1997 Onwards -
Below is the text of Sir John Major’s article on “The Memories of the Oval”, published by The Times on 7th September 2005.
SIR JOHN MAJOR:
It is over fifty years since I first entered The Oval: now, welcome shadows from the past are my companions on every visit. For me, The Oval has so many happy memories that my heart lifts the moment I arrive -
As a young boy at The Oval, clutching sandwiches and a bottle of Tizer, I sat on the wooden benches opposite the famous Gasometers watching the greatest County side of all (sorry, Yorkshire) win the Championship seven years in a row. The Oval was always my first destination during the long summer holiday.
Games from those early years are still bright and clear in my mind. Stuart Surridge -
Memories crowd in. Aged 10, I couldn’t get a ticket for the Final Ashes Test in 1953. I heard a tout had some for sale, and rushed up to him eagerly, money clutched tightly in hand, but he looked at me with scorn and named a premium far beyond my means. With wet eyes, I withdrew and had to settle with disappointment for the radio instead. But I did see Denis Compton’s final Test Innings in 1956: 94 caught, right in front of me, backward of square, and sweeping of course.
Once, I attempted to time how many seconds it took a Peter May drive to hit the Pavilion fence. In doing so, I dropped my father’s precious gold stop-
Other shadows are ever-
Sometimes, it rains (please, not today) and Oval habitués fill the wet gaps with their reminiscences. As a boy, on the old raked wooden seats, I heard gnarled old-
Bradman was much on our minds that day as, during an earlier break, there’d been a discussion as to which end he was batting in his final Test Match, when Eric Hollies famously bowled him for nought.
“Surely you must know,” one of the group said, turning to Arthur Morris, who was quietly sipping a glass of wine: “Yes”, said Arthur placidly, “I was at the other end. I scored 196”.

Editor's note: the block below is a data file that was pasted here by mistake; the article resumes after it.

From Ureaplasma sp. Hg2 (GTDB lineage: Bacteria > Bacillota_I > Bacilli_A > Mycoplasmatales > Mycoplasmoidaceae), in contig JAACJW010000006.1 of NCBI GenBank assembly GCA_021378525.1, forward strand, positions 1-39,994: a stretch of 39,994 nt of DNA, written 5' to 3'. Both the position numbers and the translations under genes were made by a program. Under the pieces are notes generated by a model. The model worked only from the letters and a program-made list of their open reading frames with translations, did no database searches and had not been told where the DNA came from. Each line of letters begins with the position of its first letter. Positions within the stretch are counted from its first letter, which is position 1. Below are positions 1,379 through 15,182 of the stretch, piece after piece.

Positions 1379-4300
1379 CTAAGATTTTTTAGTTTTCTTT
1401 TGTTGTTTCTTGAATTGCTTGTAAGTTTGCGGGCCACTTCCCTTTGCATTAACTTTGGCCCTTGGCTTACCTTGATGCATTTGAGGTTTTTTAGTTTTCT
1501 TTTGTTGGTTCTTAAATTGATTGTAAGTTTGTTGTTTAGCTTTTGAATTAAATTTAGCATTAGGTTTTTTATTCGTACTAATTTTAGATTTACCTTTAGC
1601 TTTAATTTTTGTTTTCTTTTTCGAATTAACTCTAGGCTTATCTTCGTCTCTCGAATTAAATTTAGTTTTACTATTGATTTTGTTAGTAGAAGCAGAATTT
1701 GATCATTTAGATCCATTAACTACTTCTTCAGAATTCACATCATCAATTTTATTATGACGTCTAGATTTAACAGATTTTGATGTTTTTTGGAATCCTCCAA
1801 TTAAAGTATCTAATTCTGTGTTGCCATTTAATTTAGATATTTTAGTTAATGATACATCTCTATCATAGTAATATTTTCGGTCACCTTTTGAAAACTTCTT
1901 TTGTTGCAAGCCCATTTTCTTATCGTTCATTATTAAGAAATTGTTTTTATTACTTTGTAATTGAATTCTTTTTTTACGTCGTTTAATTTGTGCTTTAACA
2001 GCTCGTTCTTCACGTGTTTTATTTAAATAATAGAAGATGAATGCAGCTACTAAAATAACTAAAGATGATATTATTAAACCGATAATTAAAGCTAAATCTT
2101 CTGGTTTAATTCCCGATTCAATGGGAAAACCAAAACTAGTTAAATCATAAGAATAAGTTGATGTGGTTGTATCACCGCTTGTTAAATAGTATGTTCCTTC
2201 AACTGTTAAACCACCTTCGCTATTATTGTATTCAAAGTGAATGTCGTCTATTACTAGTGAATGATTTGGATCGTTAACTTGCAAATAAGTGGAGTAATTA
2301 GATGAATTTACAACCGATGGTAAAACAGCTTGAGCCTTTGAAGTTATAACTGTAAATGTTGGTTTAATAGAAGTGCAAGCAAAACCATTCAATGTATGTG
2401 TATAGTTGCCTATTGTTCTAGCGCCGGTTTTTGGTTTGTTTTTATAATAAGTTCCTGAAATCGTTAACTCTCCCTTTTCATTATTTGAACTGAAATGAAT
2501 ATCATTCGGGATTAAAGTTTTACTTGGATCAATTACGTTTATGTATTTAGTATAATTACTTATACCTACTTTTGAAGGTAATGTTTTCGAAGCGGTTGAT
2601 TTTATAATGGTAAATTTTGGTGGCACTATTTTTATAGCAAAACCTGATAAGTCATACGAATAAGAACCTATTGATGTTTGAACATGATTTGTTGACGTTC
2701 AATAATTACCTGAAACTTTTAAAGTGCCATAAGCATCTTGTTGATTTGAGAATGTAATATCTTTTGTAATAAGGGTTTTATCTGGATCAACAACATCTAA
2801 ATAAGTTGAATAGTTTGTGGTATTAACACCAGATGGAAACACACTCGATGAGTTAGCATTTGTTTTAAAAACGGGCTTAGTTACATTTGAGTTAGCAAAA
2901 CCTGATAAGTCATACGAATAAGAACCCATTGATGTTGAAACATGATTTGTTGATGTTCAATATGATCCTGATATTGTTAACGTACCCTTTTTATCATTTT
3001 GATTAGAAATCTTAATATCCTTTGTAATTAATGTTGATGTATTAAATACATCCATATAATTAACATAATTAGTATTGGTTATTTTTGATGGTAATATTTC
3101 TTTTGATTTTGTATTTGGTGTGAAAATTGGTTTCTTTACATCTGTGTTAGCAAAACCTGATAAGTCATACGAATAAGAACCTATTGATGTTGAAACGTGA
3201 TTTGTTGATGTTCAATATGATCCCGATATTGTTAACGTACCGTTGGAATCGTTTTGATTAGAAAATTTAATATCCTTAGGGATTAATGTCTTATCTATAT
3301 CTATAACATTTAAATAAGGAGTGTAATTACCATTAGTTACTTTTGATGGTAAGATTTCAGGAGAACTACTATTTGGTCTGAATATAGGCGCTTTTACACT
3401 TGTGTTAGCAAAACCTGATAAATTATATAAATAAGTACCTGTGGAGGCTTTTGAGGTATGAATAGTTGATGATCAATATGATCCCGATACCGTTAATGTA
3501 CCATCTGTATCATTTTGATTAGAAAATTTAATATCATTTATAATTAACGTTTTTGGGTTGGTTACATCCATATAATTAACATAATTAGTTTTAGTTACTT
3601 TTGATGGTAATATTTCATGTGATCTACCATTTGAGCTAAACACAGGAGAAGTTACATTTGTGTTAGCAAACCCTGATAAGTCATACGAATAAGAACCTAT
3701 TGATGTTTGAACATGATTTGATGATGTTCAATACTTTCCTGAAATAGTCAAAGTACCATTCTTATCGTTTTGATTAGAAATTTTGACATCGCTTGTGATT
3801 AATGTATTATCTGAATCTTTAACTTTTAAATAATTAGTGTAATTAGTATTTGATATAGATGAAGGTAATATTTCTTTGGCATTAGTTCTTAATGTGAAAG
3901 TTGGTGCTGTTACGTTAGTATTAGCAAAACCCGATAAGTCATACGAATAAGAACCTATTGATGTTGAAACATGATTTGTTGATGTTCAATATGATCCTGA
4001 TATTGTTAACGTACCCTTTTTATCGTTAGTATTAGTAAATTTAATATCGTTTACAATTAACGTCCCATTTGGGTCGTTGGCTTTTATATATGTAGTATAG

Those who visit The Oval today will see the new Stand that Surrey has built at the Vauxhall End which is, I think, as fine as any in cricket. I was privileged to be President of Surrey for two seasons when this project began and played a small part in bringing it about. We began fundraising with an England v Rest of the World team led by Sachin Tendulkar. Alas, Sachin fell ill the night before the game, and was confined to his hotel room. But the crowd forgave us. The sun shone. The game was played, and the memory bank was fed again. So were the coffers, and Surrey went on to build the Stand.
As the crowd pours into The Oval on this first day of the Final Test, there will be high hopes and expectations. From the very young, to the very old, England’s second greatest invention -
Many years ago, when I was a young Whip in the Commons, I had to sit for hours on the Treasury Bench listening to (often rather boring) speeches.
I passed the time writing brief poetic sketches of the Parliamentary characters of the day (best not published in their -
“Oh, Lord, if I must die today,
Please make it after Close of Play.
For this, I know, if nothing more,
I will not go, without the score …”
Hardly Wordsworth, I know, but it is a sentiment that many will share over the next five days. On the field will be some of the greatest talents in world cricket of whom, one day, old men -
This Ashes Series has been the stuff of legend. Drama has been commonplace and, in at least two cricket-